I always meant for this blog to be a kind of literary batcave, a dumping ground for my ideas, a place to vent without consequence whenever I was pissed off (so much better than road rage).
Because I have to be conscious about everything I’m saying in my other work… other blogs designed for public entertainment, other freelance projects where I help a non-creative shill their wares… this blog was originally meant for nothing beyond lancing whatever artistic boil was swelling somewhere in my consciousness.
Written under an assumed identity, I could be profane without caring if it upsets delicate sensibilities (AKA those who are more offended by blue words than ugly beliefs). Here, I could write without having to apply magic formulas to garner an audience: put your conclusion right up front, break up your paragraphs because everyone is lazily scanning your work, use enough enough search-friendly terms to be picked up by Google without making it crassly obvious, and most importantly, dumb it down because no one will like you if you make them feel stupid.
These rules, especially the last, are paramount in advertising, which is how I get paid. Because people who understand buying and selling, who believe anything that isn’t a priceable commodity is worthless, often don’t write very well. Why would they?
I have also found they don’t have a ton of respect for our craft, unless we are raking in buckets of cash with it. They only understand tangible benefits. They conceptualize our product like a well-dug ditch or properly-filed record: something they pay us to crank out. They pay us to help them seem more human to the walking dollar signs they live amongst.
And so we have guidelines, the rote 123 formulas that pull in buyers and trigger search engines. Readability is key, and making your message approachable is key, unless you’re selling the kind of luxury product that seduces its buyer by whispering invitations to exclusive clubs. Psst… howdja like the chance to feel better than everyone else?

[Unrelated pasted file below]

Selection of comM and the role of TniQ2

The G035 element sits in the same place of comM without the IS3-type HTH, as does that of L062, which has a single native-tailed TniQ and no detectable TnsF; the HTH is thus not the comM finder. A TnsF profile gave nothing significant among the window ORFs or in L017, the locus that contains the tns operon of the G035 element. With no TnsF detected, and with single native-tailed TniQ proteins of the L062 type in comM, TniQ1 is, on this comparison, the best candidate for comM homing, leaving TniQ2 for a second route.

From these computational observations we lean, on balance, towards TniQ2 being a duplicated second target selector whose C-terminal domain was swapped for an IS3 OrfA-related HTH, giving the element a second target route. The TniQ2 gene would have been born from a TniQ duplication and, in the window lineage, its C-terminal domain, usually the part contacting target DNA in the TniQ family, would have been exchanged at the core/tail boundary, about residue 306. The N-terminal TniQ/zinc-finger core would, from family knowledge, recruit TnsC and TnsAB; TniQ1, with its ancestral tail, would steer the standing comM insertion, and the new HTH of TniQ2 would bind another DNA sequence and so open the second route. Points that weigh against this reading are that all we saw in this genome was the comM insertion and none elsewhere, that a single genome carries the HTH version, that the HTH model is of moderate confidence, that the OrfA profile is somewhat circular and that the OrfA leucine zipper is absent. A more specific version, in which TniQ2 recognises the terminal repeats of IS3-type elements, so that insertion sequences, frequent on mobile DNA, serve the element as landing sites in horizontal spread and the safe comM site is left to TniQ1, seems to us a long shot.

I’ve been writing real estate articles lately. I should be grateful for any opportunity to convert my talents into cash, really, but can’t seem to walk away from these deals without feeling like I just pimped out my talents on the street corner. It leaves a dirty taste in my mouth and makes me long for my literary batcave where I can write something truly pointless again.
That’s so pretentious of me, I realize… as though one’s creativity can be too elite for honest work. But you can’t help feeling this way when you consider artistry the pursuit of deeper understanding, a Quixotic attempt to answer the eternal questions, yet find yourself mostly using it to trick Person A into handing more money to Person B.
We’ve been being bought and sold for as long as we can remember. Every brightly-colored cartoon we’ve seen since infancy was littered with catchy tunes and images of the seductive playthings we hassled our parents into buying. Every show we feel nostalgic about once went in front of test panels, meant to convince advertisers that its engaging tales were the perfect consumer leaf-trap.
Every newspaper, every website, every bus we ever passed was smeared with ads.
Every insecurity we’ve ever had has been marketed to: if you stink, no one will love you and you’ll die alone. Buy our deodorant. It works better than the rest. You’ll probably even get that promotion at work after your boss gets a whiff of your shower-fresh armpits.
Our society eventually built up better sales resistance, however. We grew suspicious of anything too slick or flashy, forcing marketers to step up their game by making their lures more grainy and accidental. Flawed, like us.